The moment the two contesting groups reach the village fairground, both the parties dance on either side of the ground, waving their swords, aglitter in the sun, and sing and dance to the stirring martial music. The Pashi group forms a "chakravyuh", and blocks the Saathi group, who in turn begin to penetrate their defences. After the initial resistance, the Saathis reach the centre of the ground. The two groups stand 10 metres apart and prepare to attack. The defenders start shaking, kicking their legs to and fro with brisk movements, to thwart the accurate aim of their adversaries.
In fact the whole concept of the sport is to create a highly energetic atmosphere with non-stop leg kicking on one-hand and constant attempts to hit the target on the other. Lightning movements and agility are the sole methods of defence. The whole competition is conducted to the lively, virile rhythm of war dance, with one side furiously sidestepping, legs kicking in all directions, and other side doing its best to place an arrow on the target. If a defender is hit on the wrong part of the body, negative points are awarded. At present, the game is played in a marked court, which ensures that a certain degree of discipline.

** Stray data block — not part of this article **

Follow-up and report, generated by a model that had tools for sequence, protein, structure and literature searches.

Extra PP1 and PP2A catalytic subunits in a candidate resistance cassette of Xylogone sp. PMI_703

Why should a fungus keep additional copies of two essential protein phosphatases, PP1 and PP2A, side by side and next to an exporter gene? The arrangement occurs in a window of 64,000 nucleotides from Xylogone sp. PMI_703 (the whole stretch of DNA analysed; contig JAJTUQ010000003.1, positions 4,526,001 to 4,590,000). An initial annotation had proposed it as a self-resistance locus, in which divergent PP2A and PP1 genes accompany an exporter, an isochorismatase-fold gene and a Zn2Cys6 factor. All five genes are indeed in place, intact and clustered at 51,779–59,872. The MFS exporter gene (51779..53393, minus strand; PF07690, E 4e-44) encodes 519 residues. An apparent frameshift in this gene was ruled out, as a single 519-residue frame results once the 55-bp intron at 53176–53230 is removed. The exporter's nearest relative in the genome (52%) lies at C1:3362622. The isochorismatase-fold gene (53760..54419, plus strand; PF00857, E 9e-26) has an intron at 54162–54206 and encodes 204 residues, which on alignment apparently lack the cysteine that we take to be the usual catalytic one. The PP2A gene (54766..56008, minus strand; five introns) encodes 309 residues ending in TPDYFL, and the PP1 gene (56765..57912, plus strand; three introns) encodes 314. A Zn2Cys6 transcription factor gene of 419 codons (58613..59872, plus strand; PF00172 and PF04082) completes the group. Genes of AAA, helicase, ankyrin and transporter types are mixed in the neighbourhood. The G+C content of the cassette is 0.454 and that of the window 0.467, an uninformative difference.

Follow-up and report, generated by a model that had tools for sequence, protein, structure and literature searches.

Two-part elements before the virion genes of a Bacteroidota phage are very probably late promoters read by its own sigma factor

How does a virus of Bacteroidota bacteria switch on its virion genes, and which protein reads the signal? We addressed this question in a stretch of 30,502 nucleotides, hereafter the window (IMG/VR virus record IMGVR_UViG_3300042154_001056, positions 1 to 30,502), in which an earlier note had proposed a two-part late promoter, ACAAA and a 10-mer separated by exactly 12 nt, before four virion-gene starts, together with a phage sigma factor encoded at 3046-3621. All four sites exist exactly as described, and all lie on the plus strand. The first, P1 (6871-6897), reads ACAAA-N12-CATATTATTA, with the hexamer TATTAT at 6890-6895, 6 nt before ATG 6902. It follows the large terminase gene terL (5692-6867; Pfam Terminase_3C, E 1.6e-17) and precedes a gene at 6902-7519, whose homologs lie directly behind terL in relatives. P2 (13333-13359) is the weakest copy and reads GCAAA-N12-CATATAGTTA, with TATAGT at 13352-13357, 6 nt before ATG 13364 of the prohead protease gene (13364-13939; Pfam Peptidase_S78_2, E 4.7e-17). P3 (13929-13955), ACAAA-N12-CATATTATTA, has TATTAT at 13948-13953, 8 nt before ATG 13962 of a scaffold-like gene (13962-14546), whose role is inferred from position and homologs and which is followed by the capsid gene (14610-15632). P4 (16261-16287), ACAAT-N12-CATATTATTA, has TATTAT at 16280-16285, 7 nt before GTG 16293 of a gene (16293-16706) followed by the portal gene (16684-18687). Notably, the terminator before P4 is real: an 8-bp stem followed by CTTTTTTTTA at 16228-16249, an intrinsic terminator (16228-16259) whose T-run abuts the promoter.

In the olden days, Thoda was organized in a very exciting manner. Some villagers would go to another village, dump tree leaves in their village well before dawn. Following this, they would then hide in the bushes and when the villagers arrive to remove water from the well, they would challenge them for a game of Thoda. However, nowadays, Thoda is conducted in a marked court in order to have a certain amount of discipline in the game. Thoda is hugely popular in Theog Division (Shimla District), Narkanda block and many other places. It is held every year on Baisakhi Day i.e. April 13 and 14.